With some of the best scenery in the nation, the Abel Tasman Coastal Track is the most well-liked in New Zealand. The best hiking routes in New Zealand are known as “Great Walks,” and they take you through some of the most breathtaking landscapes in the nation. The Abel Tasman Coast Track is arguably the most breathtaking coastal trail (referred to as “track” in New Zealand). The trail travels along one of New Zealand’s most breathtaking stretches of coastline, which is distinguished by fine beaches, clear skies, undeveloped forests, whales, and even penguins.
Special geographical location
The Abel Tasman Coast Track, which traces the coast of the Abel Tasman National Park on the northern end of New Zealand’s South Island, is 60 kilometers long or 37 miles long. The national park bears the name of Abel Tasman, a Dutch explorer who, in 1642, became the first European to find New Zealand. It is the smallest national park in New Zealand.
The Abel Tasman Coast Track is unusually sunny for New Zealand standards, in contrast to some other well-known routes (like the Milford Track).
The Abel Tasman Coast Track, which attracts about 200,000 tourists a year, is the most well-liked trail in New Zealand.
It is only a short drive from the tiny city of Nelson and is located in the breathtaking northwest corner of the South Island. There are many other enjoyable activities available in this area, including water sports and horseback riding on the beach, along with some of New Zealand’s most breathtaking scenery.
Seasons & Hiking The Abel Tasman Coast Track
The Abel Tasman Coast Track is a year-round trail that can be finished whenever you want. Wintertime weather is pleasant (although it can be a bit on the dreary side). Additionally, it is well protected and kept up. The Abel Tasman Inland Track, the other major trail in the Abel Tasman National Park, is located nearby.
Additionally, water taxis are available at various locations along the coast for accessing the Abel Tasman Coastal Track. There are water taxis and boat companies that transport people to and from various locations on fixed schedules. Sea kayaking along the protected coastline is one of the great things to do before or after hiking on the Abel Tasman track.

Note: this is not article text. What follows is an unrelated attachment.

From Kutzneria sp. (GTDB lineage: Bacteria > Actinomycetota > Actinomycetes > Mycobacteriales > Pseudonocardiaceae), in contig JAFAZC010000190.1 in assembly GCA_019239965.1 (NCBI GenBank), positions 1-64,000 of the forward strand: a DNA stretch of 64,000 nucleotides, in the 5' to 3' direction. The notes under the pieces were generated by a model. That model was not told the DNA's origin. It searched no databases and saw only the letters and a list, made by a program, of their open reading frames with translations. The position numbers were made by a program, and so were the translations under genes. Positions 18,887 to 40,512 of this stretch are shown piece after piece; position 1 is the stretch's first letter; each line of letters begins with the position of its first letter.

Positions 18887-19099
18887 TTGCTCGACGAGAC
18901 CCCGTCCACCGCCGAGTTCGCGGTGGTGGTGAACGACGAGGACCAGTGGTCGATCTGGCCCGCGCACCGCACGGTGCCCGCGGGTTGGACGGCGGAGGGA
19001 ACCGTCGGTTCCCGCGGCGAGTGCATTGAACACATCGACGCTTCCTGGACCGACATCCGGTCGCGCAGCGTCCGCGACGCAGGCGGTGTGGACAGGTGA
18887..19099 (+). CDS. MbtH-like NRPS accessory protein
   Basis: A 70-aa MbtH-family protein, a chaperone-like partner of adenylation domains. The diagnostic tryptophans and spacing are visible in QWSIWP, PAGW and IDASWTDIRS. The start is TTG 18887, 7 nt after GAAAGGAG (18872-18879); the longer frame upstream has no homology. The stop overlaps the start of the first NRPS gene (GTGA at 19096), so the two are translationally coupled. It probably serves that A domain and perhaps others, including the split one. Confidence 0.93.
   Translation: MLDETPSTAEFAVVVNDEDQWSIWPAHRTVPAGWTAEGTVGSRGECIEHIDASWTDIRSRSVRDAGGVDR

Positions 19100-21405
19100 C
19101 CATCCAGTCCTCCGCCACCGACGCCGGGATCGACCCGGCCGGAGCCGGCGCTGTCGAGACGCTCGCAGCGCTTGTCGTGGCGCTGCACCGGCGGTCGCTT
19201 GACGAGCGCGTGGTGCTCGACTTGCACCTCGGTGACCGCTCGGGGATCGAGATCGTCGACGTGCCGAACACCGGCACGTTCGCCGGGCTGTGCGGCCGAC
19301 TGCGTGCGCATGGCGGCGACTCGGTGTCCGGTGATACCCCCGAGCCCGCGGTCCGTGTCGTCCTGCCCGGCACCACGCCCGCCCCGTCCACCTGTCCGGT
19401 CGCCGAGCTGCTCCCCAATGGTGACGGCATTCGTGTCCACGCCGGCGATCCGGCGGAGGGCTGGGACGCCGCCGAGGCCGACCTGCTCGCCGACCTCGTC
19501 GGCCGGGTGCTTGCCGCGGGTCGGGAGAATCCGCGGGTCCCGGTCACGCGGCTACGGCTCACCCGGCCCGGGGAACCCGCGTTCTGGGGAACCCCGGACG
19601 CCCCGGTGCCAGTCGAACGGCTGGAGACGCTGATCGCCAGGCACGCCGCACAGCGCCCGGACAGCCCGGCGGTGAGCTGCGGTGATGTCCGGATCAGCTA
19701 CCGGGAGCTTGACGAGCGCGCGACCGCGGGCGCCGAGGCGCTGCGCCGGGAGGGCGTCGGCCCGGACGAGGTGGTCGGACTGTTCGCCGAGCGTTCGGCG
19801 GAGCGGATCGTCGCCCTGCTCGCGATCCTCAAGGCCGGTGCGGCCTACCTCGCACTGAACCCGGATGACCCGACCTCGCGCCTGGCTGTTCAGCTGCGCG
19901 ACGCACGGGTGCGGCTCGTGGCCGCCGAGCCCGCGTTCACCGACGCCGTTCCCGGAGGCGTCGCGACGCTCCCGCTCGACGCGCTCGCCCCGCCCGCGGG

The trail can be hiked by individuals at their leisure (guided tours are also an option). Although using it is free, staying at the huts (shelters) along the trail costs money.
One of New Zealand’s largest tidal ranges is also followed by the Abel Tasman Coastal Track. The track contains some sections that can only be crossed during low tide. The published tidal schedules should be used by hikers to plan their crossings.
Accommodations & Camping Along the Abel Tasman Coastal Track
One must spend the night if they intend to hike the entire trail. Hikers must use the officially designated lodging if they wish to spend the night (campsites and huts). In the busiest months, these also require advanced reservations. A moored boat off the coast can be used as a lodging alternative.
New Zealand residents pay NZD $16 ($10) per person, per night; foreign visitors pay NZD $24 ($15) each. Per Night, Per Person
Environmental protection and camping in designated areas are strictly prohibited in New Zealand. Offenders will be fined, and it is customary in New Zealand for locals to report illegal camping to the Department of Conservation.
It is very likely that you will be fined for camping in an unapproved location in a well-known area like Abel Tasman or even sleeping in your car.
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